- to stoop or bend suddenly; bob.
- to avoid or evade a blow, unpleasant task, etc.; dodge.
- to plunge the whole body or the head momentarily under water.
- Cards Informal. to play a card lower than the card led.
- to lower suddenly: Duck your head going through that low doorway.
- to avoid or evade (a blow, unpleasant task, etc.); dodge: to duck a hard right; to duck an embarrassing question.
- to plunge or dip in water momentarily.
- Cards Informal. to play a card lower than (the card led).
- an act or instance of ducking.
Origin of duck2
SynonymsSee more synonyms on Thesaurus.com
Examples from the Web for ducking
He instead flew off to Denver for fundraising and a speech some of his fellow Democrats are ducking.Obama, Why Aren’t You in Chiraq?
July 9, 2014
She and her husband crawled on the floor, ducking as “falling glass, chandeliers, plates, food, and drink” fell on top of them.I Survived a Deadly Shipwreck: Costa Concordia Passengers Tell Their Stories
Barbie Latza Nadeau
May 19, 2014
When ducking into darkness beneath the deck, the savvy pirate would simply switch his eye patch from one eye to the other.Body Hack: How to See in the Dark (Like Pirates!)
December 10, 2013
Ducking the beams becomes more and more of an effort, and sometimes you forget to duck.Thatcher's Economic Legacy
April 8, 2013
Ducking debates is impossible now, but preparing for predictable problems, and even easy questions, should be Campaign 101.Mitt Romney Lost the Summer: Tax Returns, Overseas Gaffes, & More
August 8, 2012
I can't see the stage for you two ducking your heads together!The Foolish Lovers
St. John G. Ervine
Then shall he not go without a ducking and eke a drubbing himself!The Merry Adventures of Robin Hood
Could it have been that ducking his head in the river at Wythburn had caused it to burn like a furnace?The Shadow of a Crime
Ducking, he went down under the cloud, just what the Jerry wanted.
Stan laid over and made a sweep, ducking in and out of the flak.
- any of various small aquatic birds of the family Anatidae, typically having short legs, webbed feet, and a broad blunt bill: order Anseriformes
- the flesh of this bird, used as food
- the female of such a bird, as opposed to the male (drake)
- any other bird of the family Anatidae, including geese, and swans
- Also: ducks British informal dear or darling: used as a term of endearment or of general addressSee also ducky
- informal a person, esp one regarded as odd or endearing
- cricket a score of nothing by a batsman
- like water off a duck's back informal without effect
- take to something like a duck to water informal to become adept at or attracted to something very quickly
- to move (the head or body) quickly downwards or away, esp so as to escape observation or evade a blow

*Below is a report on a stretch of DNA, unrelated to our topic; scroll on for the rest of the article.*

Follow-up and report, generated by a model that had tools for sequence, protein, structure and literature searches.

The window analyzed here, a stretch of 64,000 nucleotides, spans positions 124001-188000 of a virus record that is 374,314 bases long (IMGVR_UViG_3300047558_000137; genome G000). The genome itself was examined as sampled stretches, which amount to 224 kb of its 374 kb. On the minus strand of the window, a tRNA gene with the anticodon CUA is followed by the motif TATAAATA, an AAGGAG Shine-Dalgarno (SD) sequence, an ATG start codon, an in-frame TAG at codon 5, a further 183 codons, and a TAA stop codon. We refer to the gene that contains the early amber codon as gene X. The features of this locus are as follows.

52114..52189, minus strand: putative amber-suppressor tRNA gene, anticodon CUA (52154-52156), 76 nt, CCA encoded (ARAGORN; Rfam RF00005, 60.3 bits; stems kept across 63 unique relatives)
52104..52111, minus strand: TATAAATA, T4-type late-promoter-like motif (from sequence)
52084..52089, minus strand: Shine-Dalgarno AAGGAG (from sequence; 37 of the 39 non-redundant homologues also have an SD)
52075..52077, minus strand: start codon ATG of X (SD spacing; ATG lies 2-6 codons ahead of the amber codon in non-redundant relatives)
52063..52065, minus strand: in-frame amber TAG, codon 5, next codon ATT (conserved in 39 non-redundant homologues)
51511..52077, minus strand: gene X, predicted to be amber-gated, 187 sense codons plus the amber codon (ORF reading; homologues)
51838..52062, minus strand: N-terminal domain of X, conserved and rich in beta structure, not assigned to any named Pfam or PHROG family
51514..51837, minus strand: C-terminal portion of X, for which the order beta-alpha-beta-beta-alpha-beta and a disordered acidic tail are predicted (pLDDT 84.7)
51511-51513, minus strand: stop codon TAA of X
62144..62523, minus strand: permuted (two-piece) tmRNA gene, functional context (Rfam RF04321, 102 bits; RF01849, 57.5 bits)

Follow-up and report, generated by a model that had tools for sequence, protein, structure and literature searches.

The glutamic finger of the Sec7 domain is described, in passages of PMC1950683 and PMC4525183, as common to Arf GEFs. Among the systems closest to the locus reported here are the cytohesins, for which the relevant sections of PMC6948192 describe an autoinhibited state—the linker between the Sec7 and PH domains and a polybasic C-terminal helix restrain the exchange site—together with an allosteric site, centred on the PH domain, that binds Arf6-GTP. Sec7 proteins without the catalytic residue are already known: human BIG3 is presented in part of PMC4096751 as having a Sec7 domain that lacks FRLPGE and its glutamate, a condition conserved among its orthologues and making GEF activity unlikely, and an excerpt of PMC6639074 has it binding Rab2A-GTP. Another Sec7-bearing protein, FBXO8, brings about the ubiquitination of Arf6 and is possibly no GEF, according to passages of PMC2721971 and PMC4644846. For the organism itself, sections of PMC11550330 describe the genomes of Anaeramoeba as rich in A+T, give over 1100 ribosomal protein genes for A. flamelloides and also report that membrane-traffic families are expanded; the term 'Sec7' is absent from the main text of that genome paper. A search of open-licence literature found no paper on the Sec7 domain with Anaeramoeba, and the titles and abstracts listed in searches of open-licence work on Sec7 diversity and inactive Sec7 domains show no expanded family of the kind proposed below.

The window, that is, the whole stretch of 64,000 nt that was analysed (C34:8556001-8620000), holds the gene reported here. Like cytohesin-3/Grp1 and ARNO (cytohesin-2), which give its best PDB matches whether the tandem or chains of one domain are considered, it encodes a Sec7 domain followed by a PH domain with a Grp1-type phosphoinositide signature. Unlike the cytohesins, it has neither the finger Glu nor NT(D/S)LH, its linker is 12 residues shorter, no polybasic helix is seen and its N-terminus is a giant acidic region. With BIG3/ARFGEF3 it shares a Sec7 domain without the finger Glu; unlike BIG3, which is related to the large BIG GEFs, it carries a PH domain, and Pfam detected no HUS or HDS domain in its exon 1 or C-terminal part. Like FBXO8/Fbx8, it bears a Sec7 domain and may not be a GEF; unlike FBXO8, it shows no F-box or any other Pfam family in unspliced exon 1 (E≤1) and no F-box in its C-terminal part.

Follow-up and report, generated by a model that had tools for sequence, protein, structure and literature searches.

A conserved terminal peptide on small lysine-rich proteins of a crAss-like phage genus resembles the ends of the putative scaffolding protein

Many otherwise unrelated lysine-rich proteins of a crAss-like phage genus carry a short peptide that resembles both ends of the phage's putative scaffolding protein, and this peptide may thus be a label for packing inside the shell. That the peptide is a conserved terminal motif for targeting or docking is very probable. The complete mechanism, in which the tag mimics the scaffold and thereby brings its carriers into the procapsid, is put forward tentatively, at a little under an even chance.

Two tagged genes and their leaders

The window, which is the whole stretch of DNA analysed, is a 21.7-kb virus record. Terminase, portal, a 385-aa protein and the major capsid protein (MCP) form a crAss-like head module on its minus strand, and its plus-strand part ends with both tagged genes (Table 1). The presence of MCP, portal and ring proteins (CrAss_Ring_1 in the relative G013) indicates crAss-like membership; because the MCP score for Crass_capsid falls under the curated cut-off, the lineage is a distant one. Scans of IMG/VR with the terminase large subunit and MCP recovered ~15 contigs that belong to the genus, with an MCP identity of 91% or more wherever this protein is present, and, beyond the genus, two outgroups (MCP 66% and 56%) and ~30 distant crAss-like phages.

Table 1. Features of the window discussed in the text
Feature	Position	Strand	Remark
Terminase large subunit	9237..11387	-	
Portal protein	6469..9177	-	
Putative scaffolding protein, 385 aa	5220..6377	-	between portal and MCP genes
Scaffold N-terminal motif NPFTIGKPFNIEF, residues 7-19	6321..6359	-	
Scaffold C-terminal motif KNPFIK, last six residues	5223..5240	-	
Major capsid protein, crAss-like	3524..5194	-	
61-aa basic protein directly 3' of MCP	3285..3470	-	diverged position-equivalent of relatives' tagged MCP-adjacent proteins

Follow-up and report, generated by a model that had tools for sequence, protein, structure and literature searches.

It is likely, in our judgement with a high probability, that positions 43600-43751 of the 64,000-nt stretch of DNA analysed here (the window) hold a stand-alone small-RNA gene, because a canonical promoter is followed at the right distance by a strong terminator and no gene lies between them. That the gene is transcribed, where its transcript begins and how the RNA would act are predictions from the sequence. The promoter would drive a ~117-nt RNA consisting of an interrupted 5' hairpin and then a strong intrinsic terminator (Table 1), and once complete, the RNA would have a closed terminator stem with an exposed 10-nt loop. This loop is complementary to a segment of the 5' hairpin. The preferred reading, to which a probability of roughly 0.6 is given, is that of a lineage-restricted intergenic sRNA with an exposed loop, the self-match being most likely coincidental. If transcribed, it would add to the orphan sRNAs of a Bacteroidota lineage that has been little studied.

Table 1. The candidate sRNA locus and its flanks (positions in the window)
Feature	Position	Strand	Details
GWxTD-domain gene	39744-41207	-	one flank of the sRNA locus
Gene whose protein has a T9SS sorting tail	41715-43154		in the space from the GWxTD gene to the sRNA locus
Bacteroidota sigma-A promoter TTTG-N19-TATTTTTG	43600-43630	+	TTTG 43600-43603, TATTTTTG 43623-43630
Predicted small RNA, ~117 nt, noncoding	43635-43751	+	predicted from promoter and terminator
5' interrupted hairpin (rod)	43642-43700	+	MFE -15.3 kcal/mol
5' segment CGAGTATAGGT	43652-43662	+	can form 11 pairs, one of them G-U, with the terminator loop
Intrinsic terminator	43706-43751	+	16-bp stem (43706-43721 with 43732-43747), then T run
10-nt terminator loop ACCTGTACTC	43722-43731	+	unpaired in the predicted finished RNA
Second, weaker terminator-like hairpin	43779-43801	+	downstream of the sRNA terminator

- to submerge or plunge suddenly and often briefly under water
- (when intr, often foll by out) informal to dodge or escape (a person, duty, etc)
- (intr) bridge to play a low card when possessing a higher one rather than try to win a trick
- the act or an instance of ducking
- a heavy cotton fabric of plain weave, used for clothing, tents, etcSee also ducks
- an amphibious vehicle used in World War II
Word Origin and History for ducking
waterfowl, Old English duce (found only in genitive ducan) "a duck," literally "a ducker," presumed to be from Old English *ducan "to duck, dive" (see duck (v.)). Replaced Old English ened as the name for the bird, this being from PIE *aneti-, the root of the "duck" noun in most Indo-European languages.
In the domestic state the females greatly exceed in number, hence duck serves at once as the name of the female and of the race, drake being a specific term of sex. [OED]
As a term of endearment, attested from 1580s. duck-walk is 1930s; duck soup "anything easily done" is by 1899. Duck's ass haircut is from 1951. Ducks-and-drakes, skipping flat stones on water, is from 1580s; the figurative sense of "throwing something away recklessly" is c.1600.
"strong, untwilled linen (later cotton) fabric," used for sails and sailors' clothing, 1630s, from Dutch doeck "linen cloth" (Middle Dutch doec), related to German Tuch "piece of cloth," Danish dug, Old Frisian dok, Old High German tuoh, all of unknown origin.
"to plunge into" (transitive), c.1300; to suddenly go under water (intransitive), mid-14c., from presumed Old English *ducan "to duck," found only in derivative duce (n.) "duck" (but there are cognate words in other Germanic languages, e.g. Old High German tuhhan "to dip," German tauchen "to dive," Old Frisian duka, Middle Dutch duken "to dip, dive," Dutch duiken), from Proto-Germanic *dukjan.
Sense of "bend, stoop quickly" is first recorded in English 1520s. Related: Ducked; ducking. The noun is attested from 1550s in the sense of "quick stoop;" meaning "a plunge, dip" is from 1843.